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Last Updated: Feb 19, 2013 - 1:22:36 AM
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Better CMT outcome measurement is Wayne State University physician's goal

Dec 7, 2011 - 5:00:00 AM
Such methodology has worked very well in cancer research, she said, where sometimes quality-of-life scores are first to improve, and then over time researchers see changes in tumor size or disease physiology. Ramchandren believes the same approach could be used for CMT and is working with mentor Lawrence Lum, M.D., professor of oncology at WSU and the Barbara Ann Karmanos Cancer Institute, on early phase clinical trial methodology training. Researchers there take bench work from animal models and translate it into new cancer therapies, she said.

 
[RxPG] A Wayne State University physician is seeking a better way to determine the effectiveness of treatments for Charcot-Marie-Tooth disease (CMT), or inherited sensory-motor neuropathy, a disease that afflicts one in 2,500 people.

Sindhu Ramchandren, M.D., assistant professor of neurology in WSU's School of Medicine, believes the current lack of effective treatments for CMT may be because researchers are measuring the wrong outcomes. With a four-year, $661,000 Mentored Career Development Award from the National Institute of Neurological Disorders and Stroke, part of the National Institutes of Health, she is working to develop an outcome measurement that accurately reflects CMT progression in children.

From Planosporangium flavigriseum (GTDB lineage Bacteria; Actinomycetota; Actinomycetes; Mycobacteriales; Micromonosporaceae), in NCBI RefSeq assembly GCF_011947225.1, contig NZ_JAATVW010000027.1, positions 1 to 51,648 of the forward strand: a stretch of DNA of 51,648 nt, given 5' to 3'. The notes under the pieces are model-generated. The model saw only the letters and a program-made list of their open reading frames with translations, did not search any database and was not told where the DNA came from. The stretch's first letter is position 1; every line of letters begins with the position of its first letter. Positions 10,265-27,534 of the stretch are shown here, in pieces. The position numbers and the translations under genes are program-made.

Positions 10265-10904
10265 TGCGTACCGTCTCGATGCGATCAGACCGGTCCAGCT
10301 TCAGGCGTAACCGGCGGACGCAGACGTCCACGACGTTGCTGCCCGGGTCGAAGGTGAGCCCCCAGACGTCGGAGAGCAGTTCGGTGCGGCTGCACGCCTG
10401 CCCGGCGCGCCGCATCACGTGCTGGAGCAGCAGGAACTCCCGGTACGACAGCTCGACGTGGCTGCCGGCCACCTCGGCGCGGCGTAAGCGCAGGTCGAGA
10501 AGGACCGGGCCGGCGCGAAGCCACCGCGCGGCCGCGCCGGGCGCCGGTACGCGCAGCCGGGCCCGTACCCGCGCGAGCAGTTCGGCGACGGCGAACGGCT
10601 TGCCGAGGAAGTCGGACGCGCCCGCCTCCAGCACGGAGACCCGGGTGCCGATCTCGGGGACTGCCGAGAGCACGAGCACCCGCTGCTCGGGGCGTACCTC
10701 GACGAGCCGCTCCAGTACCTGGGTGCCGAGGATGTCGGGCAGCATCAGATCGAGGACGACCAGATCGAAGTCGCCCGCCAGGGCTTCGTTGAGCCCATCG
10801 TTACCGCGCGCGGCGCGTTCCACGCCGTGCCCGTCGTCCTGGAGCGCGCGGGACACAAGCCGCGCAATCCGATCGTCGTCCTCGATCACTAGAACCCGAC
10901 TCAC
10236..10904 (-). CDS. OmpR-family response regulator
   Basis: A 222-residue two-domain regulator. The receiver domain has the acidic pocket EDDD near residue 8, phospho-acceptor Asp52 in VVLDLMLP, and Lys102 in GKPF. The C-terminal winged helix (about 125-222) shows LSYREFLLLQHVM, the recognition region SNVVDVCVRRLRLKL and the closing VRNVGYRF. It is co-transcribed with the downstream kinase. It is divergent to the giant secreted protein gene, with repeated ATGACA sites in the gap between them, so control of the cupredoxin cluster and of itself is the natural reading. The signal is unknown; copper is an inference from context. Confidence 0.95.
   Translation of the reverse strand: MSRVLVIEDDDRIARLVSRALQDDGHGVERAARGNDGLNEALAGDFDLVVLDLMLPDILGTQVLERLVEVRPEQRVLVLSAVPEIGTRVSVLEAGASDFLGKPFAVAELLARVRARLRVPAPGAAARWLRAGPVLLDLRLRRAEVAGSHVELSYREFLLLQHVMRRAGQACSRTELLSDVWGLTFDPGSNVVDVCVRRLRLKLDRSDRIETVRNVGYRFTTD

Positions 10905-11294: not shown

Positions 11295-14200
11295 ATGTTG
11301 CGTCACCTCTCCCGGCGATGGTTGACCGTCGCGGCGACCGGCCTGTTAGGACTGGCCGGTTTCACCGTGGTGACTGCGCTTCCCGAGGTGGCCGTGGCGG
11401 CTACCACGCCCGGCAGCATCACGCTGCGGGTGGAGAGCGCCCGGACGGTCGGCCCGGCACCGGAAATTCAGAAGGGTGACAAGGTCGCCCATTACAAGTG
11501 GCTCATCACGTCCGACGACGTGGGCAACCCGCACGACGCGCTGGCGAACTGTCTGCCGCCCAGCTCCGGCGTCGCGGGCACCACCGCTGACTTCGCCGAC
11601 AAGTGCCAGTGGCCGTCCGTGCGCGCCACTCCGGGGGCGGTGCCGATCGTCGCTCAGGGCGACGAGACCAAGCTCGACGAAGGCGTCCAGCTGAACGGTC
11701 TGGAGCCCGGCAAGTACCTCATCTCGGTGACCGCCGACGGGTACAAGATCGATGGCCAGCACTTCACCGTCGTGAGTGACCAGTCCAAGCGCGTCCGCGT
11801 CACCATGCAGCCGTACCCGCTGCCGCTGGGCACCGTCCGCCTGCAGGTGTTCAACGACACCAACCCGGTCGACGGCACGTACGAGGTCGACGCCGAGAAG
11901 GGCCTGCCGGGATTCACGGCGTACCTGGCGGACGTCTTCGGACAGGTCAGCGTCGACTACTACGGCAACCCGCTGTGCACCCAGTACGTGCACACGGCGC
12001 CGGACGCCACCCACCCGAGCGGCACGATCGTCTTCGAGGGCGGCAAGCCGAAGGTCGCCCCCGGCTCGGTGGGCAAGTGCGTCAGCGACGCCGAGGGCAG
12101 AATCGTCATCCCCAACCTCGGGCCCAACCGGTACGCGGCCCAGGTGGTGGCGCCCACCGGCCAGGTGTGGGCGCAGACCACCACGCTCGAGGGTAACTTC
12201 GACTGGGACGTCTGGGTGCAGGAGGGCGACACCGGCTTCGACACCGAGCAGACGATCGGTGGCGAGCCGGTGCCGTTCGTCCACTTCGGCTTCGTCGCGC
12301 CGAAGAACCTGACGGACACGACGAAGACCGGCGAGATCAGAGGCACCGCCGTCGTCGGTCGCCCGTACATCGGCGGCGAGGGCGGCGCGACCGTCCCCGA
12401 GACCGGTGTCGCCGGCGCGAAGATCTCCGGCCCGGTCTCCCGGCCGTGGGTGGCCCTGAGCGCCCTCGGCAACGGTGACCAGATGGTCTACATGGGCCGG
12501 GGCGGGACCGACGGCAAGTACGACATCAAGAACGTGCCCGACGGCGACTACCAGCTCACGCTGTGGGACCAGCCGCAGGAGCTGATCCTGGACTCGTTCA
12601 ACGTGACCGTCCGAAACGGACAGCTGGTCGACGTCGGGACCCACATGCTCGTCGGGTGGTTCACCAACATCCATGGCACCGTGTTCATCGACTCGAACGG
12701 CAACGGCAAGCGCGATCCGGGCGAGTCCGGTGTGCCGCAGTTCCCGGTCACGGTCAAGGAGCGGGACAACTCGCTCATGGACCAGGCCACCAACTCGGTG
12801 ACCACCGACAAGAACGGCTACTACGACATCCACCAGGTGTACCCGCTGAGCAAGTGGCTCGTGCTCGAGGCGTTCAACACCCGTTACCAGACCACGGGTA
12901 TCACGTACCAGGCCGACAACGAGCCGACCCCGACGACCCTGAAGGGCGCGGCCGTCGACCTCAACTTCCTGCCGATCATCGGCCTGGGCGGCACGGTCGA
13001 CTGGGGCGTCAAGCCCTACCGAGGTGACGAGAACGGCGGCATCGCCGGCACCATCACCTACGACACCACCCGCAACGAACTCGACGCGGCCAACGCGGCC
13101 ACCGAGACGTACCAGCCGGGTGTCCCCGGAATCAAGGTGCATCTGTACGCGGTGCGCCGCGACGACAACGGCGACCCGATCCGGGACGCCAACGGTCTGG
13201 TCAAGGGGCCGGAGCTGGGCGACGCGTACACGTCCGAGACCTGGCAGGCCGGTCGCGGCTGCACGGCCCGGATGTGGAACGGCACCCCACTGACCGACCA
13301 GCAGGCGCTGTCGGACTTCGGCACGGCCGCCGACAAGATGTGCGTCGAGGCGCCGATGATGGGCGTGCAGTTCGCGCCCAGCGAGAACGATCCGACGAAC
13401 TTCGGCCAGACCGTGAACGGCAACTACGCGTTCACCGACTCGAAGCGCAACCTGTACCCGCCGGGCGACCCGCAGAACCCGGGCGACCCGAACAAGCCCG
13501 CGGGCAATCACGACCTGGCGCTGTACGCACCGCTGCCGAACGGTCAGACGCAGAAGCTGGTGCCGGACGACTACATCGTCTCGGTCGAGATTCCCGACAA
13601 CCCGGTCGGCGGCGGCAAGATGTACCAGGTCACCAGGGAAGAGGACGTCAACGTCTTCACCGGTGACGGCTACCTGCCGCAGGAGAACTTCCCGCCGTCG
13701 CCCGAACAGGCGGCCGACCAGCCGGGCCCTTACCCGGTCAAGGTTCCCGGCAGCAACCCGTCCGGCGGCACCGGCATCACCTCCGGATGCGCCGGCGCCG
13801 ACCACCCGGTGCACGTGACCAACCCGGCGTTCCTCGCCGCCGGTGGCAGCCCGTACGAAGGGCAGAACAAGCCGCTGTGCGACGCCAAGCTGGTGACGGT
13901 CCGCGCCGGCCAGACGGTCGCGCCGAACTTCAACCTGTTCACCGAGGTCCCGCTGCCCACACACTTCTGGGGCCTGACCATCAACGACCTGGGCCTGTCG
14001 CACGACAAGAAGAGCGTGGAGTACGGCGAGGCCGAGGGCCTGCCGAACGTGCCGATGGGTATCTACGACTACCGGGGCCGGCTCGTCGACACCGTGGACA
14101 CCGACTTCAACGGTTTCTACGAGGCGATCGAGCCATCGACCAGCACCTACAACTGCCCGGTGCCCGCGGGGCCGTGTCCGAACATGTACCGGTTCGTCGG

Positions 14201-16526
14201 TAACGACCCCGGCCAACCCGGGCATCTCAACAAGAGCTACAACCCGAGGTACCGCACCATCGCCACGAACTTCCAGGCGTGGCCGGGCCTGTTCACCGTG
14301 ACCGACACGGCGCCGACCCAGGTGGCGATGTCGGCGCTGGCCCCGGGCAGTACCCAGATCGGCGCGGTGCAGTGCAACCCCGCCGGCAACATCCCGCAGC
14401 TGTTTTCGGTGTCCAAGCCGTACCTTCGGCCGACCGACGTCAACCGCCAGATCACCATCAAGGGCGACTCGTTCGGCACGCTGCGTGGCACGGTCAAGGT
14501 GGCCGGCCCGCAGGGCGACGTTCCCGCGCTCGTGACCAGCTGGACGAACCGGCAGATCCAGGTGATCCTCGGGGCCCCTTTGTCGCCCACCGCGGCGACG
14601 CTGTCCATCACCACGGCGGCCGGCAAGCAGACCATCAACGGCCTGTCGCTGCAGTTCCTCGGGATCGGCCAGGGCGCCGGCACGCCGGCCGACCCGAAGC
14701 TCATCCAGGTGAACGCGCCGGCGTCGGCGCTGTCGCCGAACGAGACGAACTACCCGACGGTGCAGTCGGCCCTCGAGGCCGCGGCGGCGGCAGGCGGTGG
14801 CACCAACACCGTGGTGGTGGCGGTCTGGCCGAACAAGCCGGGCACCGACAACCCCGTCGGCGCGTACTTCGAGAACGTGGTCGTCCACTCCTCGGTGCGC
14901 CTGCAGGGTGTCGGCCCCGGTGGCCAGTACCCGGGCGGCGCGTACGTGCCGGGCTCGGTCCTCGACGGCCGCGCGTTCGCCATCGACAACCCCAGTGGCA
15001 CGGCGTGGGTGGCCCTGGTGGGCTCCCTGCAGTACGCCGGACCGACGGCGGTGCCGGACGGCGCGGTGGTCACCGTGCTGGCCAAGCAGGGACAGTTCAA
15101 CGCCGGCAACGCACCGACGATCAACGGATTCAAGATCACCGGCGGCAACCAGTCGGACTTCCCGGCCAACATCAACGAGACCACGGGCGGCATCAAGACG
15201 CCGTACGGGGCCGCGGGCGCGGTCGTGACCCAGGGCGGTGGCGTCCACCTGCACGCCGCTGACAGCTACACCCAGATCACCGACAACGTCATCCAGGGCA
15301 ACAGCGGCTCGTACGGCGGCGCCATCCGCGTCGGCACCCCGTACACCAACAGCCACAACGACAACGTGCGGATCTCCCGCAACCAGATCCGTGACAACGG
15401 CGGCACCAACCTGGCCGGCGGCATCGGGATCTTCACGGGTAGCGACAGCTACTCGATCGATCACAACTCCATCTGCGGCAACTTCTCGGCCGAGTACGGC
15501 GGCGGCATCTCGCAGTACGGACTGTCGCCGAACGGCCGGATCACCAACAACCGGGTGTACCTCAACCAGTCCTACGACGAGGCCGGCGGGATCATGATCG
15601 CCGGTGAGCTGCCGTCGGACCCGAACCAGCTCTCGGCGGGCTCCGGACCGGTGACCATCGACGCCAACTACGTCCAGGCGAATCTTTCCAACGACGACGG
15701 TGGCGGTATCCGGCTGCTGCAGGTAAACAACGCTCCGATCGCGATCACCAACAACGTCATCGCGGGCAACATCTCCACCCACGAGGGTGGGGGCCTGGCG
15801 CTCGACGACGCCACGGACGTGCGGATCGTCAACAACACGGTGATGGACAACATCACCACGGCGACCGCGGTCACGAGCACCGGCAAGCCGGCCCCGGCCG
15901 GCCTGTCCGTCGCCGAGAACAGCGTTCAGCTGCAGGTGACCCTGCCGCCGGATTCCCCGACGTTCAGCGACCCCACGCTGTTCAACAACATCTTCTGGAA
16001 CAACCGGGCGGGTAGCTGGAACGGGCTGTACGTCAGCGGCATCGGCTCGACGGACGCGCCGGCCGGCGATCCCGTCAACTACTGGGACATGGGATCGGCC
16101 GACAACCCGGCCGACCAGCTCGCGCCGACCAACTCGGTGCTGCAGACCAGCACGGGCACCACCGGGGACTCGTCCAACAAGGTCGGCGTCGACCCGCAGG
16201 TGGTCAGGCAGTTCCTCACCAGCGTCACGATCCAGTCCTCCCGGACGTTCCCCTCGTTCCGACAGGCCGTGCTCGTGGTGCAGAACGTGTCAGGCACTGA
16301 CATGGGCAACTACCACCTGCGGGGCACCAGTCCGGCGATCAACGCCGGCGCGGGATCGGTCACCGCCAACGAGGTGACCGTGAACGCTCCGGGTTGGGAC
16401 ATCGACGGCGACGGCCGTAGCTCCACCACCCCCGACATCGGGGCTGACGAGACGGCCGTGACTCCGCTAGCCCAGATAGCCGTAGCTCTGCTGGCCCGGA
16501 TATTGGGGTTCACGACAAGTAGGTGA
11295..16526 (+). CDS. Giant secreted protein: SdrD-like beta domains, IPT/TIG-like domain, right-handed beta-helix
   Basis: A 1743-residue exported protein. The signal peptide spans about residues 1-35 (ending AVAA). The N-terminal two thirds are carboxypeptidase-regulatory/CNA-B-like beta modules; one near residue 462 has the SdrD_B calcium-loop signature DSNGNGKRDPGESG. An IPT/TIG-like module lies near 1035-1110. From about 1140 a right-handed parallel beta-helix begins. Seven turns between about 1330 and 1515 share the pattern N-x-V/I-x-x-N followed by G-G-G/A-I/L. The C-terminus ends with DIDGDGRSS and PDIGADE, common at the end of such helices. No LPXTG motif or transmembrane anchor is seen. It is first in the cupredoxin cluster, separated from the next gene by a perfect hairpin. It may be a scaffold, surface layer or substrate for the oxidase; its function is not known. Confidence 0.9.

CMT refers to a heterozygous group of diseases caused by mutations in more than 50 genes. One of the most common genetic nerve diseases, it affects more than 120,000 Americans and causes progressive muscle weakness, painful foot deformities and walking difficulty.

As the disease progresses, weakness and muscle atrophy occur in the hands, resulting in difficulty with fine motor skills. Symptoms vary from patient to patient, with pain ranging from mild to severe. Some rely on foot or leg braces or other orthopedic devices to maintain mobility.

The identification of disease-causing genes has made the development of rational therapy a possibility in CMT. However, the lack of outcome measures to assess treatment effects in clinical trials is currently limiting therapeutic advances for CMT.

One of the most recent trials spanned several countries and involved ascorbic acid, or vitamin C, after animal models showed dramatic improvement in functioning.

That gave a lot of hope to a lot of people, Ramchandren said.

One criticism of that group of trials is that they were rushed and used different outcome measures, but she said the rush was necessary because of the concern that CMT patients might medicate themselves with vitamin C in large quantities, and researchers wanted to see if the therapy actually was safe and effective in a randomized trial.

Trials in Australia, France, Italy, England and the Netherlands concluded that ascorbic acid, given as a medication, was safe but ineffective.